An excellent Infographic (see below) put together by Help Scout (www.helpscout.net),  summarizes the central concepts behind customer-centric selling and how it applies not only to direct B2B selling but to e-commerce and mobile applications sales as well.  In particular, personalization, while the example in this infographic is weak (bringing a second set of mints to a dining customer) the point is critical.  A better example would have been saying that if your waiter addresses you by name would have a significantly bigger impact.  Or, putting the name of the customer in chocolate sauce on their dessert.  The importance of remembering and using a customer’s name is brought out in point three.  In selling direct or online anytime you customize and personalize a presentation or information will make it much more valuable and memorable.  Further, it differentiates you and your company from the competition.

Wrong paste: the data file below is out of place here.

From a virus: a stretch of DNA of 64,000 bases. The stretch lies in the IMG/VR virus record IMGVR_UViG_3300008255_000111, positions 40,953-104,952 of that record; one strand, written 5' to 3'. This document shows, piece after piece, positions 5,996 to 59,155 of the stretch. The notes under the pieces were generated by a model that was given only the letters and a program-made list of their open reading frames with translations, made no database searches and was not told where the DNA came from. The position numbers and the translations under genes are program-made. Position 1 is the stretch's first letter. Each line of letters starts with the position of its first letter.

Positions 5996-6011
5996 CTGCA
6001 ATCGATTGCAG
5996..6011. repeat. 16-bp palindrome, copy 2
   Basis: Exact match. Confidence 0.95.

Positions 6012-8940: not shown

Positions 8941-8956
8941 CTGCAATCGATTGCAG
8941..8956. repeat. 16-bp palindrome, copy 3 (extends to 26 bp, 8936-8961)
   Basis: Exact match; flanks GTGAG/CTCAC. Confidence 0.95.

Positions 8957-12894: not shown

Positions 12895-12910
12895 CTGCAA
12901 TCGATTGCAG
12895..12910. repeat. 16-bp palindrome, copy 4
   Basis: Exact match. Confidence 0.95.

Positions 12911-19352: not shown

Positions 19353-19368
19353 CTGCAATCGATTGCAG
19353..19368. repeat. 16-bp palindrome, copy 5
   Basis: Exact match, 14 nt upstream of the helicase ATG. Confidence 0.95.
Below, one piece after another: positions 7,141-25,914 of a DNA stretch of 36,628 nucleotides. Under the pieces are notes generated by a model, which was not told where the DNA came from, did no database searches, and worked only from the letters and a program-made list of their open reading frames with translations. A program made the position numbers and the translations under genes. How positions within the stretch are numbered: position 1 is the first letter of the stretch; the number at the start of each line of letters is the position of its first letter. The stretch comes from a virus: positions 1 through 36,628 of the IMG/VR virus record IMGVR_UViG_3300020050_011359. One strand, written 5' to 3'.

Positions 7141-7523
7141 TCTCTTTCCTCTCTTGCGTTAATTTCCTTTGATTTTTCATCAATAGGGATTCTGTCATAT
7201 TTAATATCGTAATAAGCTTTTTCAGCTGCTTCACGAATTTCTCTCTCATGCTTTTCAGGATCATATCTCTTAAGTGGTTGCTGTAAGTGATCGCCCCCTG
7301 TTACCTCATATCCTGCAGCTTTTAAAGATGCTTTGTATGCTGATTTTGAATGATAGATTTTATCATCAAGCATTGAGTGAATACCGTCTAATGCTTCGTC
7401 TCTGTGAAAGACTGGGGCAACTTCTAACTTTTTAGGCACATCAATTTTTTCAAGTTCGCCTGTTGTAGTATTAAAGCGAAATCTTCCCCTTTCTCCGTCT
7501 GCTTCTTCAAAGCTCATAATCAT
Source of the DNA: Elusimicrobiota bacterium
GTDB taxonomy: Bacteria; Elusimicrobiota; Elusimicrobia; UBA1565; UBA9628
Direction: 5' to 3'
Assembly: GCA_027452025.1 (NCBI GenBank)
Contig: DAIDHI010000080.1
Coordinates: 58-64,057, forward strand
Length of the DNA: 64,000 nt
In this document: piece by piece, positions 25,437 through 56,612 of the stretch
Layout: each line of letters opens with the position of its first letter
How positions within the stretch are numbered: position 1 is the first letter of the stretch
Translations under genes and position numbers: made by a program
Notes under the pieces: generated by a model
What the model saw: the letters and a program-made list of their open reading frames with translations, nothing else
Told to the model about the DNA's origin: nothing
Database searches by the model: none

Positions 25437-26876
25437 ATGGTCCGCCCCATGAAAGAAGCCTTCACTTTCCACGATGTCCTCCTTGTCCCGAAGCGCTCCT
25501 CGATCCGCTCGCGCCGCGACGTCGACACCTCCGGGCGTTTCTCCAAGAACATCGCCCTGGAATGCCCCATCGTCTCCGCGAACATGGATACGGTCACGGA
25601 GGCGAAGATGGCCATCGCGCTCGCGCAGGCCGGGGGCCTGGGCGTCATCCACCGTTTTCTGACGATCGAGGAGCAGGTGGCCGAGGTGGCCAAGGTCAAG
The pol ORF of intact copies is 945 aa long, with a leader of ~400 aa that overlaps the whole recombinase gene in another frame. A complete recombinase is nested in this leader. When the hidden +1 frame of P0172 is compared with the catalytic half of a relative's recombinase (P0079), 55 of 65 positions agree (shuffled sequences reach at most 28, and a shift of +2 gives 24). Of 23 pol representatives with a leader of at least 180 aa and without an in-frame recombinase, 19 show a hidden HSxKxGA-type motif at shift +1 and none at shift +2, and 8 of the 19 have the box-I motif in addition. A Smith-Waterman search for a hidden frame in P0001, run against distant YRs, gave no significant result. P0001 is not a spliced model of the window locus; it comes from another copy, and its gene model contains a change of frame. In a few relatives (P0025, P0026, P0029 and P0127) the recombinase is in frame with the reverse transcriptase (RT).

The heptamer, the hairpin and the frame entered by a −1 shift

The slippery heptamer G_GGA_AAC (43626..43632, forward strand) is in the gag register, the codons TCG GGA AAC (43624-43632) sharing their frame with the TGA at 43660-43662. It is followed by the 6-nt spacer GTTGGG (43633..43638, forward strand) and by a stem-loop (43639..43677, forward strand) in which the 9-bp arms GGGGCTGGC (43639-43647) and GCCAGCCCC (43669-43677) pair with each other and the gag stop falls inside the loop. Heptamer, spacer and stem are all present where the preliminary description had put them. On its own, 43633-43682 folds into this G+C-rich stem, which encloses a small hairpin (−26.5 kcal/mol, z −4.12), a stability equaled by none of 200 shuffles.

Another area of particular importance, in my opinion, is customer communication and interaction as covered in points 7 and 8.   Useful in both direct B2B or mobile applications is the notion that I regularly interact with my customers and use my customer base to drive features and content.  Customers know what they want and are happy to let you know it.  Inversely, they become very unhappy and lose interest when they feel ignored.  This is not to say that a company should only add features and improvements dictated by their customers.  Customers are generally not aware of new technology or methods that can fundamentally improve their customer experience.  The best companies balance improvements that are driven by new technology and internal directions with features asked for by the customer.

More applicable to mobile/e-commerce is interaction and communication that enables and promotes customers to build or add content themselves.  Not only does this make for a happier user/customer base but has the benefit of your customers adding value and content making the brand and customer experience have more value with little to no company investment.  All the most successful online applications embrace this “social” customer experience.

The rest of the points are right-on as well and worth reviewing and internalizing for anyone selling.

– Randy Hujar

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